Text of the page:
I know very well it’s untrue but in any case it wasn’t so bad, even if it took me years to discover. Before this, even if everybody said my father was a good person I wouldn’t admit it. Not absolutely. After, yes. For that I had to get sick. When I got sick, I spoke all the languages, particularly the ones I’d forgotten, like Hebrew. They come back to me, I read them as if I hadn’t forgotten. And I mutter them every chance I get. Even when it’s not necessary.

And when I take a taxi and the driver is of Arab descent, I try to convince him that Arabic and Hebrew have the same root and I proudly say, yahad, which means one and in Hebrew is echad. The driver isn’t always convinced but sometimes yeah. Then I don’t know why but I’m very pleased and I bob up and down in the back of the taxi as I watch the landscape, the cityscape of Paris and I find the cityscape beautiful. Particularly when there’s traffic, then I have a nice time gazing out although sometimes I’m too impatient. When I’m too impatient then there’s always more traffic even when there’s none and I have to breathe to chase away my impatience. Sometimes even when I breathe, this restlessness won’t abate so I say to the taxi driver, let me out here.

Deep down I know I loved my father, though he told his sister one day in Canada that he felt his daughter was another gender, or different. I did not know he knew that. I thought I’d hid it well from him, but he’d caught on. It made him unhappy. Probably why he remained quiet about it with me, and I with him. A heavy silence, full of overtones as they say, but the overtones had come to become undertones and so I was another gender.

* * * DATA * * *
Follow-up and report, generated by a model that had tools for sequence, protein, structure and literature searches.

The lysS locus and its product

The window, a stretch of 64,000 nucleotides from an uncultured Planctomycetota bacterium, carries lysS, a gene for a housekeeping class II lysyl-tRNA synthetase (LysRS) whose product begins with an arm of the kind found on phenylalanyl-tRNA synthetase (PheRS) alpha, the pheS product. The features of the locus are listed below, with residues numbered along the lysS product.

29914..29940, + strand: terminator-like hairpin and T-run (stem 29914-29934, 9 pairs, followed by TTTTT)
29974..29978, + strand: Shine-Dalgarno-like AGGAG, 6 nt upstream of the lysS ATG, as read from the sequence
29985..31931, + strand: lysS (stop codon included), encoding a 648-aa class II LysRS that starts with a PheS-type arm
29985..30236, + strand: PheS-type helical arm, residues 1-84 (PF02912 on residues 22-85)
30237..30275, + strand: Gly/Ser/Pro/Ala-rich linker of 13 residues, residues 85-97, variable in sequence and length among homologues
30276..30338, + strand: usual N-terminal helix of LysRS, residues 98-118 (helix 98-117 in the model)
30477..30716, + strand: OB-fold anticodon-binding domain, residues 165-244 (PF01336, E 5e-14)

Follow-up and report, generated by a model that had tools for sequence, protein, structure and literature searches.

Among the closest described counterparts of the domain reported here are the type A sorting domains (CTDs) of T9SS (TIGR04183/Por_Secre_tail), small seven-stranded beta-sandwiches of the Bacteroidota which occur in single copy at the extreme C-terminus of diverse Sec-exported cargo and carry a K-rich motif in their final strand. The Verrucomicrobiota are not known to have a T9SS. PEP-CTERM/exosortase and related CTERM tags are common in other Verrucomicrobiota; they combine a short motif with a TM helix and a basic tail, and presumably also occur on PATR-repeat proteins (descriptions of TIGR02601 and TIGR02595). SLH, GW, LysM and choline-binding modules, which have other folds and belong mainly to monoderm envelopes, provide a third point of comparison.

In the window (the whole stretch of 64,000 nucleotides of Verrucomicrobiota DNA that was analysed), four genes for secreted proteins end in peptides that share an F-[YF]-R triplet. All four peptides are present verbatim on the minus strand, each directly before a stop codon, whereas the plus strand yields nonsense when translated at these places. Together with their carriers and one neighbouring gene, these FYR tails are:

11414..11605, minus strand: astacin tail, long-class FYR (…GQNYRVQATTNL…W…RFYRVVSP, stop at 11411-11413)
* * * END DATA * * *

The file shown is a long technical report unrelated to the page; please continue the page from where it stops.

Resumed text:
For that matter it was his fault too, if there was fault and even if there wasn’t. What a concept to want a boy in my place. Then this made me think it was his fault because it was also my mother’s fault and the entire world’s. I said to my uncle one day, if my mother hadn’t caressed me and pressed me against her all the time maybe things would have been different but maybe not and anyway it’s not important, not by much. And really now not at all. In the end anyway, let’s say enough is enough with all these caresses. In the end you never know when it’s too much or maybe you do but you say to yourself, it isn’t that bad, could be worse.

 

I didn’t think I was another gender or different, not at all, I was just a gender, a good gender to me and it was my gender. A slightly neglected gender but I liked it fine. I preferred that others not be neglected but found the neglected gender suited me better than the not-neglected genders. I found my neglected gender to have a certain style. A style I like. And also it’s become habit and I didn’t think any further about either my gender or my style, I was like this and nothing more.